NOTE: The Insolvency Experts offer financial guidance and representation to companies who are considering or currently going through the Winding Up process. If you are an employee of such a company looking for advice on unpaid wages, you can find this from the UK government by clicking here.

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When a company is issued with a winding up order, it means the end of that company. It will be closed down permanently and cease to exist once the process has been completed.

If a creditor has issued your company with a winding up petition and you feel there are no options available to you, you may be wondering what the best method is to wind up a company. There are several methods of winding up of a company, which we’ll detail below. Deciding which is the best route to go down will depend on the specific nature of your business, the level of debt and the type of creditors who are asking for repayment of debt owed.

The winding up of a company is a legal procedure in which all the legal and financial affairs of a company are wound up. All assets are realised and sold in order to fulfil the debts owed to a list of creditors (who are ranked in accordance with their rights). The Administration process to carry out this work is undertaken by a licensed insolvency practitioner. The insolvency practitioner (IP) is either appointed by the company and creditors or by the court to deal with the winding up of the business.
 

What are the Best Methods of Winding Up of a Company?

There are many reasons why you might wish to wind up your company. The best method to wind up a company will depend on a few factors, including whether the company is solvent and has the ability to pay its bills within the following 12-month period. Let’s take a look at the main option open to your company.

Dissolution of the Company – This is the simplest of all the methods of winding up of a company. There are, of course, strict guidelines to follow during this process including paying all creditors in full, closing all bank accounts and submitting your final accounts whilst notifying HMRC. The business must also cease trading for the three months prior to the dissolution of the company and must not change its name during this period.

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What Happens with Voluntary Liquidation?

There are two choices for voluntary liquidation that can be looked at as a potential best method to wind up a company:

Members’ Voluntary Liquidation (MVL) – This process requires the involvement of an appointed insolvency practitioner and is used when a business is no longer required. In an MVL, the director must sign a declaration of solvency with reassurances from the insolvency practitioner towards the creditors that all bills can be paid within 12-months, and that all statutory obligations will be met.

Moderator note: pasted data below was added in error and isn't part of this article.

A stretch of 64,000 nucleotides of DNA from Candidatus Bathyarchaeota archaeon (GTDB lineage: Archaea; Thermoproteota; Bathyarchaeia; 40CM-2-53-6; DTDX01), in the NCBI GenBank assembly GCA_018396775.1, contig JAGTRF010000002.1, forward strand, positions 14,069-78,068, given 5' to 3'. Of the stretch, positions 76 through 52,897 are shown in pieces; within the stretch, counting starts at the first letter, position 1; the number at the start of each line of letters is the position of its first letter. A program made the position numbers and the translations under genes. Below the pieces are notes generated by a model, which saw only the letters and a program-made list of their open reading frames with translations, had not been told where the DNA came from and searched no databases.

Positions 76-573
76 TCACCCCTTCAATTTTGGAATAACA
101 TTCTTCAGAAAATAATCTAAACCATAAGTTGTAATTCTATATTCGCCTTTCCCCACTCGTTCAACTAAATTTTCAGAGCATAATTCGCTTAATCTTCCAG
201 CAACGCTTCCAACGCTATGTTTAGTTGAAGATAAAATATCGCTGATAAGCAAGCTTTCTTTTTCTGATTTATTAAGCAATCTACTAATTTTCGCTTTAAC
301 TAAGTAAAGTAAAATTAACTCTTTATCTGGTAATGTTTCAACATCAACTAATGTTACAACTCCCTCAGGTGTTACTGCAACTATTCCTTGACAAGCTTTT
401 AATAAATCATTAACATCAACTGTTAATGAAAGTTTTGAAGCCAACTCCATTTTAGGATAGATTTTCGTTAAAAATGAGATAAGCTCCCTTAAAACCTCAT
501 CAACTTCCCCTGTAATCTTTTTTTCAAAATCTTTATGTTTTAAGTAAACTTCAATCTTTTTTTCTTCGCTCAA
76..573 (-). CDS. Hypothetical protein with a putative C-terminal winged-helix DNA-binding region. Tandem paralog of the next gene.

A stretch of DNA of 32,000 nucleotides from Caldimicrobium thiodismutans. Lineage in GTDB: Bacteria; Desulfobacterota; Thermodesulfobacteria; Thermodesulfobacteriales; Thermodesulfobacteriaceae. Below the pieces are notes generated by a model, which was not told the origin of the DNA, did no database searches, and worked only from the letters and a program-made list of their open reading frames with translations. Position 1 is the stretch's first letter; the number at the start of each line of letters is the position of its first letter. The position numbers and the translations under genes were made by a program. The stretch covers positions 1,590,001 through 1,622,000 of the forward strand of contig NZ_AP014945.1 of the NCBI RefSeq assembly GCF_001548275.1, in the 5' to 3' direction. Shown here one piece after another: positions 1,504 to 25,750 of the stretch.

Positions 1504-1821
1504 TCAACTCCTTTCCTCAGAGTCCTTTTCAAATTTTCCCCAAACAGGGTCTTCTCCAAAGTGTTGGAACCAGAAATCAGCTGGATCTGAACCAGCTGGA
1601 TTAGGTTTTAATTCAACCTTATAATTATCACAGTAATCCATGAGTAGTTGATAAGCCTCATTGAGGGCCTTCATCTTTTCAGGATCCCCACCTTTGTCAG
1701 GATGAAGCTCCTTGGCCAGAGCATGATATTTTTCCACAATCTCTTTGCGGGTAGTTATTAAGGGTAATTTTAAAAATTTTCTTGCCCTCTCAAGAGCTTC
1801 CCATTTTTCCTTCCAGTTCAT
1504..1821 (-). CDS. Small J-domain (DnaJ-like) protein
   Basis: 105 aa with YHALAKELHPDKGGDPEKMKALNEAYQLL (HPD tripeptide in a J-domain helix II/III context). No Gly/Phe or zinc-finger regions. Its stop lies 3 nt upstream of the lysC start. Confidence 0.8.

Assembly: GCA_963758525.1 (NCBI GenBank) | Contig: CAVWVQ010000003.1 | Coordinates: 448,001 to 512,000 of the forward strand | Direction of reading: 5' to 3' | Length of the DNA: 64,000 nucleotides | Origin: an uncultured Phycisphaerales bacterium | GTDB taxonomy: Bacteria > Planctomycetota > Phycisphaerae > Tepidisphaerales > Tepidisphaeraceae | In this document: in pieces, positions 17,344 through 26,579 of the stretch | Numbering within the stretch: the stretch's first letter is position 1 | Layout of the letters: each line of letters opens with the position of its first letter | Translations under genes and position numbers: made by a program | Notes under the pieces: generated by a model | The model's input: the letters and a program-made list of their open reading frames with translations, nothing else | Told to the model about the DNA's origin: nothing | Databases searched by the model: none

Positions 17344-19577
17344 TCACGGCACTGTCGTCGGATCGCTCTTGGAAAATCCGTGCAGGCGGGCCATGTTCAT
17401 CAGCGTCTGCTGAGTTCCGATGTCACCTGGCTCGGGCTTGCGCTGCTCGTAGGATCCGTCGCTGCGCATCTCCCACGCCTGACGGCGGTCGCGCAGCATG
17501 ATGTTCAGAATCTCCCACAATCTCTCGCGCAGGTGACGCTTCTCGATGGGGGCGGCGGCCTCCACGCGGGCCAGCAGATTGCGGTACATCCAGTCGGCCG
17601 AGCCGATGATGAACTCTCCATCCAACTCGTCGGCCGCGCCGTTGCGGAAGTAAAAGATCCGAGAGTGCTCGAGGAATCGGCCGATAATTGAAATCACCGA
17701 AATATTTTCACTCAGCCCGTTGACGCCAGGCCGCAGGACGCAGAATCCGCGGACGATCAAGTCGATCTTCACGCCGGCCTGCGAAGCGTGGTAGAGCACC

Creditors’ Voluntary Liquidation (CVL) – The directors of a company can begin the process of a CVL, which allows them to engage with an Insolvency Practitioner of their choosing. A CVL is appropriate when the company is insolvent and is very unlikely to be rescued, or to recover. During the process of an insolvent liquidation the directors of the company must put the interest of creditors and shareholders above their own. Acting decisively in this manner to reduce the loss creditors face will much less likely lead to accusations of wrongful trading.

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What Other Liquidation Options Are There?

There are a couple more methods of winding up of a company, including:

Compulsory Liquidation – This process begins when a creditor takes legal action against the company that owes it money. If several attempts have been made, unsuccessfully, to recover money owed, the creditor may issue a winding up petition. In most cases of a winding up petition being issued, a compulsory liquidation follows. This leads to the company being closed down and removed from the register of companies. In this instance all assets are realised with a view to repaying creditors, and all directors will be investigated for instances of wrongdoing or fraudulent business practice that led to the insolvency of the company.

This is a Court-led procedure, in which the directors have no control. If facing the threat of a winding up petition, or if you are concerned about the solvency of your business, it is key to seek independent expert advice at the earliest opportunity. If a winding up is unavoidable, it is more often preferable that the director leads the process by engaging with an Insolvency Practitioner.

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How Do I Find the Right Help with Winding Up My Company?

There are several options in term of methods of winding up of a company, and we completely understand that it may be challenging and confusing at first, should you be the director of a company that is struggling financially. It is always the best practice to completely understand your situation and the choices and options open to you moving forward.

We can help you regain some focus and clarity at this troubling time, with our professional and licensed insolvency practitioners able to offer advice and guidance about all aspects of insolvency and the winding up process for your business. If you have any further questions about the best method to wind up a company, contact us today by phone, contact form or our Get a Quote page.

Every company liquidation case is unique and we’ll ensure that you have all the relevant data and advice at hand in order to make informed decisions about what is best for your company and creditors at this time.

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